A good start is half the battle. Sleep doesn’t start the moment you hit the pillow, it starts way before that.

Nightly routine

In general, it’s recommended to have a nightly routine. The 30-60 minutes before going to bed, every day, execute habits that help you wind down.

These habits are common:

  • Stop working. (Or trying to work. I have the bad habit of closing my laptop … but still continuing to work by writing in my notebook, because I just can’t accept the day is already over.)
  • Don’t eat anymore. Your body will still be busy processing the food, delaying your sleep, and leading to more fat being stored. Additionally, the food might come back up while sleeping, leading to acid redux.
  • Don’t exercise anymore. Similarly, your body will be too energized and pumped to sleep.
  • Don’t look at screens. The light wakes you up and strains your eyes.
  • Dim lights or noise. (You can’t completely remove it. You’d stumble around in the dark trying to find your bed! But volumes and intensity can be much lower in the evening than during the day.)


This is a difficult one.

For some people, reading a book is amazing. For others, it merely wakes them up more. What’s the difference?

  • I am a writer and reader. I read a lot, I like it, so I read books and it helps me sleep.
  • If reading doesn’t come that natural to you, this won’t help. If you read books that are too exciting or frightening, you’ll just wake up yourself even more!

Reading helps because it’s a calm activity (no screen, no noise, go at your own pace) and it removes thoughts of work or worry from your head. If it can’t do that for you, don’t read before bed.

During the day

Install a blue-light filter. Such software changes the colors of your screen, based on sunrise and sunset. This allows your eyes to naturally adjust to the time of day. (But it’s still recommended to get away from the screen often enough, especially late at night.)

No anti-sleep substances. These are alcohol, smoking, sugar and most drugs. They inject all sorts of energy and restlessness, making it near impossible to sleep. Yes, smoking in the morning will still affect you at night.

Your bed is for sleep, nothing else. Build this relationship with your bed: you’re only there if you want to sleep. Don’t work while sitting (or laying) in bed. Don’t stay in bed too long after waking up. If you still can’t sleep after 30 minutes, get up, stretch, drink some water, try again later. Tossing and turning is never great. This includes grabbing your phone right after you wake up, to check email or whatever. If you do this—still not recommended—first get out of bed.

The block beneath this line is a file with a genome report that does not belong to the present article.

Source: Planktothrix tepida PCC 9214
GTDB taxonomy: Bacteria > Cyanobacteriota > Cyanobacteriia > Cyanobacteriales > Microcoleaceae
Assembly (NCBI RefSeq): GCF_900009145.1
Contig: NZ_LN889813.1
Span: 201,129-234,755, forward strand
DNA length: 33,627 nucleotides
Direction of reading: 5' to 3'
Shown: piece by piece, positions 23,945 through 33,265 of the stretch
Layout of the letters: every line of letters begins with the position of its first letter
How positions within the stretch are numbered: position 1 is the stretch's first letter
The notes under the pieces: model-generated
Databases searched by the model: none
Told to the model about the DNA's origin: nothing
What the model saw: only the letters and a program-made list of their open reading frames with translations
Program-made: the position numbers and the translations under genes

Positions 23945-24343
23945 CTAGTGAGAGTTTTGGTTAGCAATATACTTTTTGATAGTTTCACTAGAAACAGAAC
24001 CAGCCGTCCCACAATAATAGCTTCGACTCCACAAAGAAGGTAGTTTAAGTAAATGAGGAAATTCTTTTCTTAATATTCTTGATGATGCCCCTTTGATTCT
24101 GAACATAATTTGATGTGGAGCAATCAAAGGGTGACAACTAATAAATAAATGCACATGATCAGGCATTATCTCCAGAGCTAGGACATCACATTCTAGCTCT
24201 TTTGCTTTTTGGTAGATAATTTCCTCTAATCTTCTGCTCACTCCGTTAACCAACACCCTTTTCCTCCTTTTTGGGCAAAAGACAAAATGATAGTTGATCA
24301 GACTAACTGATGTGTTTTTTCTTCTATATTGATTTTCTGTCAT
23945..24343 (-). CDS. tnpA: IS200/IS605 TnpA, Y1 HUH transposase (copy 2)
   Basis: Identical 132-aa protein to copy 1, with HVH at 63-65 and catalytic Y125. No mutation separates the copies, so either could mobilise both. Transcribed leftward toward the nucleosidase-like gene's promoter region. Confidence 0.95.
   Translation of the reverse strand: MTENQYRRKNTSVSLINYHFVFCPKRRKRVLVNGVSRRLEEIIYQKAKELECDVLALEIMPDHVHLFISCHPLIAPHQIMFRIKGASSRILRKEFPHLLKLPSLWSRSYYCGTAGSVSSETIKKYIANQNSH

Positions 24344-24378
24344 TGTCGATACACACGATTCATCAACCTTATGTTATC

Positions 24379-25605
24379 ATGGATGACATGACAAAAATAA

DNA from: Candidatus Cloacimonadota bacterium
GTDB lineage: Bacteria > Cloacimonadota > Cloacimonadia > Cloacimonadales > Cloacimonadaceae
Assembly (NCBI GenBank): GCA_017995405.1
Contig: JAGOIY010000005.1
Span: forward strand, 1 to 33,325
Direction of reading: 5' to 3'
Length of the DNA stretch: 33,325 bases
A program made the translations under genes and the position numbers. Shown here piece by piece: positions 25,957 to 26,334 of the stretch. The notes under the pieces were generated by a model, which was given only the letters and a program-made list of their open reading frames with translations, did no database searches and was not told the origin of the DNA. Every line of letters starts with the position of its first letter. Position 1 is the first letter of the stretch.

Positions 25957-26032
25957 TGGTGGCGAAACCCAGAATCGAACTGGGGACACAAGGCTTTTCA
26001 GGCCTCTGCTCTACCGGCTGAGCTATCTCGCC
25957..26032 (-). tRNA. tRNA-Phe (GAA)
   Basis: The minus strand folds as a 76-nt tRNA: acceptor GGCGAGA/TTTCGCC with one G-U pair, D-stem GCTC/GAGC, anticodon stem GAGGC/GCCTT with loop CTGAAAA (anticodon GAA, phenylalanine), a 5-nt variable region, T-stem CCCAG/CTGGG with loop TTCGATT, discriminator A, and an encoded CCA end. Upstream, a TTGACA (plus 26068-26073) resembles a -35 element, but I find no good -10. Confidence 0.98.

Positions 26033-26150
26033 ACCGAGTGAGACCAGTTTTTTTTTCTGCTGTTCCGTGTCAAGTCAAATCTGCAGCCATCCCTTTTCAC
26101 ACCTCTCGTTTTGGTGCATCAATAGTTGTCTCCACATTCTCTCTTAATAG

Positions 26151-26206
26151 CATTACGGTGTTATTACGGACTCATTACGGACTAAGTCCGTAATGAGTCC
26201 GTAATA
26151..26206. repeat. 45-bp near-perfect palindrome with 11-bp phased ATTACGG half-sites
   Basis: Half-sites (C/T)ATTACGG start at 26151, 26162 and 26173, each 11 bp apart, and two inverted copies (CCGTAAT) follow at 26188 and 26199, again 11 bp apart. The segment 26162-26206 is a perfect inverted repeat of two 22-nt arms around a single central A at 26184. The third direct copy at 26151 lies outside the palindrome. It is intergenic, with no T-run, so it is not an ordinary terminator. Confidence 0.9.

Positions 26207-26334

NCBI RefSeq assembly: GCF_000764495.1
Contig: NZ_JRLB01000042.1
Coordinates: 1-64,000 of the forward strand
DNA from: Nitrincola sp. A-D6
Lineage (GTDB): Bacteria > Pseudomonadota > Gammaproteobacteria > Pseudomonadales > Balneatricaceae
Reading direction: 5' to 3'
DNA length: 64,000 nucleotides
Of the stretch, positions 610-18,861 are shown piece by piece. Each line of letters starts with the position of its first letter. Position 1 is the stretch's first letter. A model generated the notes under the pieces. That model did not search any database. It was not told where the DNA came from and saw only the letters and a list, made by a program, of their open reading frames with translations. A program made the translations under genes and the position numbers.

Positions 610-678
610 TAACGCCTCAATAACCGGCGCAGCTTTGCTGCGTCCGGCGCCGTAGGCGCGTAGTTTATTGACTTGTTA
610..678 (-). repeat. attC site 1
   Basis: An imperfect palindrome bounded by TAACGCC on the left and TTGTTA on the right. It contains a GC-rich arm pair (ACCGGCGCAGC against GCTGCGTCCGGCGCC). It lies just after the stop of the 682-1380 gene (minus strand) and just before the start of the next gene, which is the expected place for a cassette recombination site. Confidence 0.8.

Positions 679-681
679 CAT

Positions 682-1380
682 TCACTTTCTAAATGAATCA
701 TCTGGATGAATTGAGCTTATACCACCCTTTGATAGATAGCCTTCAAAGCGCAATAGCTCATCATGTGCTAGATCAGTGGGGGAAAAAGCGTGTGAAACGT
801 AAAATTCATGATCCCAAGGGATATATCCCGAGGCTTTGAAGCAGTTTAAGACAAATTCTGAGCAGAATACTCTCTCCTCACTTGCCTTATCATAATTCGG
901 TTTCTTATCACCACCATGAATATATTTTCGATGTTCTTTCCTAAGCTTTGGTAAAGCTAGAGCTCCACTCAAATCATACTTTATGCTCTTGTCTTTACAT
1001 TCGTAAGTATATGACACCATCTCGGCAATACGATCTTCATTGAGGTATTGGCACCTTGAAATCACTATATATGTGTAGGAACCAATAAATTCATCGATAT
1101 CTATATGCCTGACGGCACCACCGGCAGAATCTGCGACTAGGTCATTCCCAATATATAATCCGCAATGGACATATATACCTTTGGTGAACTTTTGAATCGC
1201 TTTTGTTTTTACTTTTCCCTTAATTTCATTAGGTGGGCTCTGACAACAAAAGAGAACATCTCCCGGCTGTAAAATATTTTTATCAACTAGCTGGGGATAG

If you don’t do this, your brain will just see your bed as a place to work, or a place to think. Sleep will be harder and harder. (And yes, I know it’s hard, it’s just so nice to lie in a soft bed.)

Your back is important

One of the most important processes when sleeping, is the communication and exchange of fluids between your brain and your spine. In fact, the nervus vagus lies there. And that is a crucial nerve for regulating the active and inactive system in your body.

If this nerve is blocked or stressed, sleep cannot come easily.

How do you solve this?

  • By stretching right before bed. Make sure your shoulders, neck, upper body aren’t tight or active. They should be relaxed.
  • By improving your posture. More on that in the Fitness & Exercise course.
  • By using a pillow (or teddy bear) to push against, to stay in the right posture.

Mostly, though, this stress comes from general stress during the day. Solving back / neck issues isn’t something to do right before bed, but by changing your whole lifestyle.


One day, I noticed I pulled up my shoulders when I got into bed. Don’t know why. But it accidentally added a lot of stress to my back. Unnecessary stress, as I was just lying in bed, relaxed!

Now that I knew, I could relax my shoulders and let them fall down. Doing this for a few weeks, removed this bad habit and made me fall asleep faster.

Desirable exhaustion

Being tired or exhausted in general isn’t great. In fact, it’s a sign you don’t get enough sleep!

But it is desirable to be exhausted at the end of the day. That’s what I call “desirable exhaustion”. Right before going to bed, you should feel tired. You should feel glad you can sleep now.

Be active during the day. This sounds obvious, yet the world has increasingly stopped being active or going outside. Our brain will not have the trigger to sleep … if it’s not tired. Going outside, getting direct sunlight, exercising our bodies, it all helps build the right hormones and state for easy sleep.

Aim for desirable exhaustion with your lifestyle.

It’s the best feeling: you hit the pillow, glad about that, and within a minute you’re already gone. And you sleep, calm and deep, until you naturally wake up the next day.


There was a period in my life that just happened to be really intense and active. I had to cycle, run, exercise, etcetera all day. I had many tasks, many responsibilities, many problems.

I was so tired at the end of each day, that I fell asleep instantly. And there were even two days when I did not have any bedding (long story, I only had a mattress) … and it didn’t matter. I jumped on the mattress, exhausted, and I slept great.

This can only happen if you try to get the most out of every day.

  • Sitting still a lot? Get active!
  • Sitting inside a lot? Go for walks or cycle to somewhere!
  • Being passive a lot? (Just watching movies, or YouTube, and procrastinating.) Build habits to actually do the work, every day.

Remember what I said in the introduction. They day is for using your body and brain, sleep is for rebuilding. They balance each other:

  • If you don’t sleep well, you can’t do much during the day
  • If you don’t do much during the day, you will never sleep well
Continue with this course
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